The success of rhythm games would be impossible without its three key figures: a dog in a beanie (Parappa the Rapper), a polygon rabbit (Vib-Ribbon) and Mercedes. Rhythm games began in the 70’s, when a music game made by Kansei Seiki Seisakusho was installed in Japanese game centers. At the same time the USA was introduced to Simon, a toy meant to train reflexes and memory. But still, 20 years would have to pass before the real revolution would come in the form of Sony’s Playstation.
Parappa the Rapper became one of the first PlayStation’s biggest bestsellers.
PS1 took the world market by storm. Thanks to its large library of games the console gained huge popularity, especially among young people. It was a must-have gadget that no one’s household could do without. Many companies which previously had nothing to do with video games decided to ride on the rising trend. Among them was Mercedes.
At that time the car manufacturer was about to release their new car, Mercedes-Benz A-Class. As a city model it was aimed especially at young people, and so it required a different marketing approach. That’s why Mercedes turned to Sony with the proposal of creating a game that would promote their car. With one condition: the game should place an emphasis on music, it’s popular among youngsters after all. The task fell on the shoulders of NanaOn-Sha, the studio responsible for creating PaRappa the Rapper. The game about a rapping dog in a beanie whose life motto is “I Gotta Believe” is considered not only the first rhythm game, but one of the first music games in general. The gameplay consisting of pressing adequate buttons to the rhythm created the basis for future entries in this genre.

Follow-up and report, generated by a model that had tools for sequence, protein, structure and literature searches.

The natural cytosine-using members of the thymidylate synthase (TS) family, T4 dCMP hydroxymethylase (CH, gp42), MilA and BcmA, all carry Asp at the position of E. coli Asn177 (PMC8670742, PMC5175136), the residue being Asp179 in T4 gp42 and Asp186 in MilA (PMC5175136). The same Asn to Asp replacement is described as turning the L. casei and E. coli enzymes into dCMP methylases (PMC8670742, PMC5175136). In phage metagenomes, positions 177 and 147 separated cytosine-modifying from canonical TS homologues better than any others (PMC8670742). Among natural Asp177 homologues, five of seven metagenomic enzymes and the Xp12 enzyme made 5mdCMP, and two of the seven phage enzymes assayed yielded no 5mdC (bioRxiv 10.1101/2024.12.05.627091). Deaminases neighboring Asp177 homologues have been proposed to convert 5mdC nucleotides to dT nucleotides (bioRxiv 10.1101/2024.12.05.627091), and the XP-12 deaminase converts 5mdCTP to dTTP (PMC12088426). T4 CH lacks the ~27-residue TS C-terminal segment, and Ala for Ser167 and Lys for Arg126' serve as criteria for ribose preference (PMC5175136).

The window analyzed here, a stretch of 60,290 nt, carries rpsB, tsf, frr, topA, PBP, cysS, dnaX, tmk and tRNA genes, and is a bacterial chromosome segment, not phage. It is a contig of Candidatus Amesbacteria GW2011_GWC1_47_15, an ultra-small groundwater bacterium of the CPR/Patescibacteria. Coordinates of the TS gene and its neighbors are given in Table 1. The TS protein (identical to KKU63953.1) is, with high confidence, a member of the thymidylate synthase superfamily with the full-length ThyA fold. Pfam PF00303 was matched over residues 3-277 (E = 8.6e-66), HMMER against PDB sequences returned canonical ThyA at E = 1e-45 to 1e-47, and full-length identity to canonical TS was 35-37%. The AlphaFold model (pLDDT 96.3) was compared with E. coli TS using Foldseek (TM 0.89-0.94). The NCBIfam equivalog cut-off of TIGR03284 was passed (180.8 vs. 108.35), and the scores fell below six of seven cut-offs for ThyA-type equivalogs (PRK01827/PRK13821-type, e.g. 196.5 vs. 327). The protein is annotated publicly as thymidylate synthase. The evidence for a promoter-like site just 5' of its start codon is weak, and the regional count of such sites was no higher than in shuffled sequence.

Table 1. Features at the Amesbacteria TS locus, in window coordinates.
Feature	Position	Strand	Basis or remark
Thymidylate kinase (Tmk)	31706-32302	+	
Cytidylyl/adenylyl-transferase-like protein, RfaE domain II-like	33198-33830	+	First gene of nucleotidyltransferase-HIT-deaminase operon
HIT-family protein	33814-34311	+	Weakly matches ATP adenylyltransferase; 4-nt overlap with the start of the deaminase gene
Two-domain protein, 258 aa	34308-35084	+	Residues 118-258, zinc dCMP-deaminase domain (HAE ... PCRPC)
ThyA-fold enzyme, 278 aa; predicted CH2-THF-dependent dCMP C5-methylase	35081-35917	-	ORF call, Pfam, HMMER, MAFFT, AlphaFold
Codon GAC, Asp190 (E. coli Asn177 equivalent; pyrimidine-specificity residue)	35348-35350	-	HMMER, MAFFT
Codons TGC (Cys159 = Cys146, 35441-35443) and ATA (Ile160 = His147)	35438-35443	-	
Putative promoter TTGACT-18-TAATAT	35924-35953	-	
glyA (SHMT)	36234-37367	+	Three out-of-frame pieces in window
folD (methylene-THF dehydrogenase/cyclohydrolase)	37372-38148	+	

Parappa the Rapper became one of the first Playstation’s biggest bestsellers. Its sequel, as well as the spin-off “UmJammer Lammy” also enjoyed huge popularity. Masaya Matsuura, the games’ creator, was irritated by one problem though. Everytime NanaOn-Sha released a new title, Matsuura got swamped with fans’ requests to include specific songs and genres in future games. Of course it was impossible to grant all these requests because of technical limitations. Matsuura and its crew thought of an idea: instead of trying to cram all the world’s music into a single game, how about creating one that would let its players load their own playlist?
The presented idea seemed to be revolutionary. Apart from that, it also perfectly met Mercedes’s expectations to produce a game that would place emphasis on music. Even better if the player could have a say in what songs would come out of their speakers. But the question remained: how to actually put the idea into practice? The whole game would have to fit PlayStation’s 2MB of system memory so that the disc drive could be used for the player’s music. The easiest approach was to turn to full minimalism. Colourful and gimmicky graphics got replaced by a simple monochromatic style that resembled games akin to Asteroids. At that time when people were mesmerized by 3D graphics in games such as Final Fantasy VII or Tekken 3, a game with black and white vector graphics definitely stood out.